The season is just about upon us. Stock up the beer, fire up the DVR, prep your TV remote for a few angry tosses across the room. It was long summer and in some ways it’s likely to be a long season as well. But we’re glad it’s here anyways.
As is our custom, FN writers got together and discussed a few of the team’s key issues heading into action. Christian, Ryan (Pike), Ryan (Lambert), Book of Loob and Justin Azevedo shared their thoughts on where the Flames will place in the standings, who the club’s goat will be and what the future holds as Calgary embarks on the rebuild.
1.) Might as well start with this first – Where do you figure the Flames finish in the West and with how many points?
Ryan Pike: The Flames should finish 14th in the West. They’ll get around 75 points, which would translate to around 30-35 wins.
Justin Azevedo: Well, in the new Pacific Division they’ll be hard pressed to do better than last, but in the Central Division Colorado (no real defence), Nashville (zero forward depth) and Winnipeg (the 3rd worst starter in the league) all have massive holes permeating their lineups. I’m going to say 74 points this season for 2nd or 3rd last in the West.
Book of Loob: Ugh. My guess is 12th or 13th. I think Winnipeg is going to be truly terrible, and I don’t like the look of the Coyotes, but the Flames will unfortunately be right there with them partying in the basement as if they’re all a bunch of bloggers. Of course, there’s no real surprise there, and you don’t rebuild without a few hard years, but man, when you take a hard look at it, it stings. I can’t see the Flames eclipsing 75 points. Ouch.
Ryan Lambert: They’re gonna be dead last and have somewhere between 55 and 60 points.
Christian Roatis: Unlike the masses, I don’t see the Flames being as bad as everyone says they’ll be. I wish they’d finish 30th (or 15th in the West), but I doubt it.
This will be a young, hardworking team that will show up each and every night – which could not be said for the teams of the recent past. They’ll battle, they’ll grind and they’ll win some games, there’s little doubt in my mind about that. Not enough to make the playoffs of course – not even close, but just enough to save them the trouble of getting a really good prospect. All this I think comes down to goaltending and if it’s a little better than last season, they aren’t finishing last. So having said that, I say they finish 12th in the West with 77 points.
(editor’s note: I think the Flames will be at around 79 points. Altogether, FN writers predict an (averaged) point total of 73 for Calgary this year)
2.) How would you grade the club’s activities this summer?
RP: They had a good draft and grabbed some interesting pieces in the off-season like Corban Knight and T.J. Galiardi. Feaster and his buddies unloaded some bad contracts and some guys that didn’t really seem to want to be here and opened up cap space and spots for new faces. In short: they did basically what they had to do.
JA: C+. They didn’t add any large contracts, developed young players, traded and signed guys like they should have – my only complaint is that they didn’t go for one or two guys on the open market who you could flip for 3rd or 2nd round picks at the deadline after playing them in showcase minutes. Overall, the path is better than it was 2 or three years ago, but the path is still average: hence the average score.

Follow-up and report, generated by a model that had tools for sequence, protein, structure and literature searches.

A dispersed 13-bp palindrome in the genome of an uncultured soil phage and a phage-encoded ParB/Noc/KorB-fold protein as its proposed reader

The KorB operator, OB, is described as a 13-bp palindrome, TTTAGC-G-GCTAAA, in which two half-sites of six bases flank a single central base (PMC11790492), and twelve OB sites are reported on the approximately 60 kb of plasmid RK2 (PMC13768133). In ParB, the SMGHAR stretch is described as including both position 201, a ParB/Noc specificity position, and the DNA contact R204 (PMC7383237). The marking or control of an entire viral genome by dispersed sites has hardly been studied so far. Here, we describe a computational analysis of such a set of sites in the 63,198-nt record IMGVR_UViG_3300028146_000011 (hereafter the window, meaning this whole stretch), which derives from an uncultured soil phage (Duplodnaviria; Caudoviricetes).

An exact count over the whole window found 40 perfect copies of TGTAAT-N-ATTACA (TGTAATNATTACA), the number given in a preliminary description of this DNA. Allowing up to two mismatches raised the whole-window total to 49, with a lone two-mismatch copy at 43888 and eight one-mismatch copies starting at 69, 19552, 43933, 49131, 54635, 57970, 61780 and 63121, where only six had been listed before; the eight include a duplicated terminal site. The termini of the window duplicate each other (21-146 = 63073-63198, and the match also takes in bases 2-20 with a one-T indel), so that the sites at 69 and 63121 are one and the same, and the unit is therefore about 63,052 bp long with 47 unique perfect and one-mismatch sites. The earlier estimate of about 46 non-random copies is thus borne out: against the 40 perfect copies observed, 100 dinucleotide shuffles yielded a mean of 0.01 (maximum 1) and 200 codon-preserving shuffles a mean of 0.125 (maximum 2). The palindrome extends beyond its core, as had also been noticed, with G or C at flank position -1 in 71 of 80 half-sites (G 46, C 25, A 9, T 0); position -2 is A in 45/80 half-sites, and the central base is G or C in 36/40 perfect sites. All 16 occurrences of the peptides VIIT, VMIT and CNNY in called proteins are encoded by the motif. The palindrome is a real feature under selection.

BoL: C+, I suppose. Call it Average+. The team was probably hampered by the public perception of just how bad they were going to be, so if they tried to go after any free agents, which we don’t really know if they did, they were probably politely declined. Isn’t that right, Mikhail Grabovski?
But there were good things and bad. Obviously getting Backlund and Brodie under contract was imperative, and they were a couple of responsible bridge deals as well, which, apparently, do still exist. Picking up guys like Knight and Jooris are interesting philosophically, and if preseason is anything to go off of, the trade for Kris Russell might be one of the most underrated moves of the summer. The search for a President of Hockey Operations, I think, was a very smart idea, and in doing so, it showed the team was assessing what has been historically a poor management structure and doing something wise to fix it. Whether or not they got the right guy remains to be seen, but I like that they identified that as an issue. And hey, getting the Saddledome repaired as fast as they did, everyone involved in that deserves a lot of praise, because it looks great.
I didn’t like the McGrattan deal (obviously), and I’d like to see the team (and league) evolve from this archaic viewpoint that values goonery. I like fighting, but man, this is not the way. The trade for David Jones and Shane O’Brien does not seem like a step forward to me. O’Brien is basically Sarich, and while Jones may be younger than Tanguay, that’s about the only real advantage he has as a forward.
RL: Like a C-plus? They were fine. A few of the trades were fairly judicious and cost the team relatively little. The real interesting transactions won’t come for another six months or so.
CR: A-. Yeah, I guess I’m Mr. Optimism at FN but there really was a lot to like about this offseason in Calgary. Starting with the draft, which I liked a lot – and even more now that we know Kanzig isn’t 100% coke machine – the Flames mixed in safe picks (Monahan, Klimchuck) with boom or bust, off the board type selections (Poirier, Kanzig) to come away with a very nice prospect haul. They also didn’t do anything stupid – which around these parts is definitely a plus.
They then stayed out of the atrociously bad free agent pool and made relatively good trades such as trading Cory Sarich for a younger version of himself along with Alex Tanguay for David Jones – who I think will have a better season than Tangs in 13/14, for instance. They also brought in Kris Russell on the blueline which was a move I liked a lot, not because Kris Russell is the second coming of Bobby Orr, but rather because it allows them to season the Wotherspoon’s and Cundari’s without an itch to bring them up to the show earlier than they should. The other deals made were also the low risk, high reward type, which is exactly what the franchise needs right now.
The beefing up of the Hockey Ops department with Brian Burke is also a positive for the team, in my opinion (more on that later).